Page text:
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Graham Allison Suggests China, U.S. Cooperation Is Better Than a Nuclear War

April 3—The American geopolitician, Harvard Professor and Henry Kissinger protégé Graham Allison, who coined the phrase “Thucydides trap” for the so-called theory that history proves that war is the most likely result of a new power rising as an old power declines, is recommending that China and the U.S. had better prove that theory wrong.

Allison told China’s Global Times last week, in an interview published March 30, that China and the U.S. must “work imaginatively to find a new form of great power relationship,” because “our survival requires a degree of cooperation.”

He used the metaphor of “inseparable, conjoined Siamese twins” to explain. Such twins have “two heads. But they have the same nervous system or the same gastrointestinal system. If either of us were to strangle the other one, we commit suicide.” That, he argues, is "an accurate description of the conditions that the U.S. and China face today….

“We each have nuclear arsenals so robust that if either of us should attack the other in a full-scale nuclear war, we both die. That’s a pretty powerful reason not to have a war and not to let some other event or accident or miscalculation drag us into a war, whether in the Taiwan Straits or something in the South China Sea or wherever.”

Allison warned specifically that if the newly-elected leaders of Taiwan “would declare Taiwan to be independent and try to be serious about that, or if the U.S. were to support a Taiwan claim for independence, that would be highly likely to lead to a war between the U.S. and China, which might well become a wider war, then a nuclear war.”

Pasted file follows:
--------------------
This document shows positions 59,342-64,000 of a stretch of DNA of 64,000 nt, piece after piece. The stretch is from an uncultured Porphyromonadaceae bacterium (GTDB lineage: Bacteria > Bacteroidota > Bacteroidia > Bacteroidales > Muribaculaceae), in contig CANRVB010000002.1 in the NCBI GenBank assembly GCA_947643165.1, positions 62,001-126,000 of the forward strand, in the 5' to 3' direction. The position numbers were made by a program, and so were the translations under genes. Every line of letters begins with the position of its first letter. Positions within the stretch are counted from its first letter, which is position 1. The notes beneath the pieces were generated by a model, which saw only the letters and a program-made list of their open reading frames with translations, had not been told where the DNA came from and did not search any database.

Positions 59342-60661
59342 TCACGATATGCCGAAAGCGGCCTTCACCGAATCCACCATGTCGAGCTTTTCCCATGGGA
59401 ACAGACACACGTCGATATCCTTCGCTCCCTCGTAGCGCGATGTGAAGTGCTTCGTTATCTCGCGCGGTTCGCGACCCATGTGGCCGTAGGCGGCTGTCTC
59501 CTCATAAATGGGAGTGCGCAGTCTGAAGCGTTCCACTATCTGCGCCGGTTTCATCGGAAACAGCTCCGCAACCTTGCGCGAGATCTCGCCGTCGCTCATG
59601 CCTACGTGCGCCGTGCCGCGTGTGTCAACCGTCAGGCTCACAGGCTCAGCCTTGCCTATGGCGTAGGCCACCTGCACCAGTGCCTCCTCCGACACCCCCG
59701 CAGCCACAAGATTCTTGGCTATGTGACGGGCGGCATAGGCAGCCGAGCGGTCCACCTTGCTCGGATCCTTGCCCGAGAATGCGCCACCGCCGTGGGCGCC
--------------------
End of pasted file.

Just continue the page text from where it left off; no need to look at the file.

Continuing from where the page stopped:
Allison was in Beijing last week for a series of meetings with academics and government officials. That included participating in the hour-and-a-half meeting President Xi Jinping held March 27 with a group of U.S. businessmen, strategic experts and academics. Allison freely admitted he was impressed with how the Chinese leadership is approaching these problems.

“It was very clear—not only in the conversation with President Xi but also with Foreign Minister Wang Yi—they are actively thinking about how we can escape Thucydides’ Trap, and looking at examples in history, and ideas in philosophy. They have risen to the conceptual challenge. Since I’m a professor and somebody from the strategic community, I admire leaders that are prepared to be intellectually courageous in trying to deal with the problems that we face,” he told Global Times.

Allison proposed that a “whole huge cadre of Americans” should study in China, and Chinese students do likewise in the U.S., so each understands the other. The current U.S. State Department is actively working to discourage such arrangements, including through expelling Chinese who are studying here, claiming that they are spies.

Such ideas echo that last warnings made by his recently deceased mentor, former Secretary of State Henry Kissinger, who, with his then President Richard Nixon, authored the opening of relations with Beijing, hoping to split them away from the Soviet Union and to counter Soviet power. 

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